Hay River evacuees watch and wait with flood danger yet to pass
Hay River’s Vale Island and West Channel residents remain under an evacuation order on Tuesday. No significant flood has been reported but the danger has not yet passed.
An evacuation order was issued at 9pm on Monday, triggering the displacement of more than 300 people – many to a makeshift RV park and local hotel accommodation.
“It was a late night and we are still seeing water coming our way,” wrote Judy Goucher, the Town’s senior administrative officer.
A message to residents on Tuesday morning stated: “There is still high water and ice to come, and there is still fear of flooding.”
Some evacuated residents told Cabin Radio they hoped to be away from their homes for just one night. However, they were told by staff at Hay River’s community centre – a registration point for evacuees – that the wait could be three to four days.
Evacuee Jim Constable said he would rather be at home. He feels his house is safe because it’s about six feet above average flood levels and didn’t take on water during Hay River’s worst flood in 1963.
Constable said if he didn’t have to go to work in the morning, he probably wouldn’t have evacuated.
“Despite the dire predictions and the warnings and the screeching sound from my phone and all that stuff, it’s much ado about nothing … I’d much rather be in my own house where I feel safer,” he said.
In the midst of the evacuation, Deputy Mayor Robert Bouchard said Hay River’s fire department and RCMP were going around the community’s old town to evacuate and check in on people.
Bouchard said a survey of most residents in the evacuation zone, completed last week, had helped to inform shelter requirements. That survey provided information about the evacuation needs of 190 residents.
Those not staying in local hotels or the pop-up RV park were to be sent to Yellowknife via chartered plane unless they chose to drive.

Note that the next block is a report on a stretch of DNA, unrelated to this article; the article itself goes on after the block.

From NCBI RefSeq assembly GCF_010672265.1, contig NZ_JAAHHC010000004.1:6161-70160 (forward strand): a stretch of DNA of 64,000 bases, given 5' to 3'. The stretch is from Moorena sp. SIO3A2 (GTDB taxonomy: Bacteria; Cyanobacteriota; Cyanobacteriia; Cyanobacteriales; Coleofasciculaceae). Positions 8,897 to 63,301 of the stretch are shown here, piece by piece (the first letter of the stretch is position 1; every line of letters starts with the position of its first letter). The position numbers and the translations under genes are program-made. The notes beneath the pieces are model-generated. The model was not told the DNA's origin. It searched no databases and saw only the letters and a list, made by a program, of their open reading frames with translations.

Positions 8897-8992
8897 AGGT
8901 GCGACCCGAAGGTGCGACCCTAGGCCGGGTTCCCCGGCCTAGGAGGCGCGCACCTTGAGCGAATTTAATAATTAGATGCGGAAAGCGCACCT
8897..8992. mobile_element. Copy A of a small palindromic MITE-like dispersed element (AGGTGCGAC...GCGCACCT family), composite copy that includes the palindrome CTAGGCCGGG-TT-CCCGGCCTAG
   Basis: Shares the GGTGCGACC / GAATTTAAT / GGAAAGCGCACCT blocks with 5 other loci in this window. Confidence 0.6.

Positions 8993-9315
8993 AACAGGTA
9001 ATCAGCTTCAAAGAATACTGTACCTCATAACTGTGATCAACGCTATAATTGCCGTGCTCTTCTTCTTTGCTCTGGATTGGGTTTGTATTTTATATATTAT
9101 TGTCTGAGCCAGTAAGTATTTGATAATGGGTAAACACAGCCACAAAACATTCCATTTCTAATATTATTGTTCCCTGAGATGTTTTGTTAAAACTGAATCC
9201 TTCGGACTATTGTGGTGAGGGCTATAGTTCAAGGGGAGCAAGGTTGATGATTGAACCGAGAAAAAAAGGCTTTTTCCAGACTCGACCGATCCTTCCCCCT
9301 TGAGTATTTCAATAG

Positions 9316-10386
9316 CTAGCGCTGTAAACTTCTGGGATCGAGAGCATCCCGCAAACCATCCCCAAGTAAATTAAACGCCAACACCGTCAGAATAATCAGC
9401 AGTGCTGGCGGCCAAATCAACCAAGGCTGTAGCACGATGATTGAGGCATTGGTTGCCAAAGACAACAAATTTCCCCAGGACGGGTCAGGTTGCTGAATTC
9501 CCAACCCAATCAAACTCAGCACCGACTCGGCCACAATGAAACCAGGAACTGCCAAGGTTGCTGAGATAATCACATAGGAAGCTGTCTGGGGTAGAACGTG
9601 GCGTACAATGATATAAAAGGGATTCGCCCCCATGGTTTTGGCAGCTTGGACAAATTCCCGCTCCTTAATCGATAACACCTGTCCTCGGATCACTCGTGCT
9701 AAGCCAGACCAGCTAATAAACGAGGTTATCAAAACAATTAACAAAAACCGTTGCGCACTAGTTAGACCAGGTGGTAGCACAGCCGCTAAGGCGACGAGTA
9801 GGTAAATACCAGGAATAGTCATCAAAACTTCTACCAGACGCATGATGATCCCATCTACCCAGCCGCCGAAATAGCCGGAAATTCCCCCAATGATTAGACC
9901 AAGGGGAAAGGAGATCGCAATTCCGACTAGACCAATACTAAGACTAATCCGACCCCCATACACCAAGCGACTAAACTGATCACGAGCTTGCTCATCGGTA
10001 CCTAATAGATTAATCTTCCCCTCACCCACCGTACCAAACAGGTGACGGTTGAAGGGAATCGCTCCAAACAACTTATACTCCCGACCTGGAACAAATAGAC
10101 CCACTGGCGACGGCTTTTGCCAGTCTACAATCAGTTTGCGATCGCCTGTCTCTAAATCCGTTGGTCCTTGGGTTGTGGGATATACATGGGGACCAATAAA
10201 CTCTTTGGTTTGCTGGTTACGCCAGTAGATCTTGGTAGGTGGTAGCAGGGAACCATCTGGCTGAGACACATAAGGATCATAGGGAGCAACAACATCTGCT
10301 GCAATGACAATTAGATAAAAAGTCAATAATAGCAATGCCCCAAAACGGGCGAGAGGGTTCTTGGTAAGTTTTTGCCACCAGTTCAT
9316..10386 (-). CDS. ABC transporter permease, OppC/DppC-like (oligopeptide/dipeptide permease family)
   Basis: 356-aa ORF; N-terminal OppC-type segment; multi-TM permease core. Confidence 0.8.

Ice builds on the shore of the Hay River on the evening of May 4, 2020. Scott Clouthier/Cabin Radio
The evacuee registration point inside Hay River’s community centre. Scott Clouthier/Cabin Radio
Bouchard said increased water volume at Alexandra Falls and the amount of ice still on the Hay River had combined to trigger the evacuation order.
“We wanted to call it while it was still light out,” he said.
Like Constable, Bouchard said he’s crossing his fingers the evacuation order will only be in place for a day until the ice pushes through. He said people could be away from home for four to five days if the town does see flooding.
“Please take care of yourselves and be patient,” he told residents. “All we can do is be prepared and get people off the island, and then we’ll worry about valuables and stuff afterwards.”
Sergeant Rob Wilkins and seven other Canadian Rangers were at the scene on Monday night, helping to ensure the evacuation went smoothly by directing people to the registration point and keeping onlookers out of the active evacuation area.
“We’ll be here as long as the community needs our support,” Wilkins told Cabin Radio.
Scott Clouthier contributed reporting.
Town of Hay River municipal enforcement officer Earle Dumas, left, and members of the Canadian Rangers run a checkstop at the West Channel Bridge in Hay River. Only residents are being allowed onto Vale Island because of the evacuation order issued on Monday. Scott Clouthier/Cabin Radio
Hay River residents gather at the ice crossing to view the river breakup. Scott Clouthier/Cabin Radio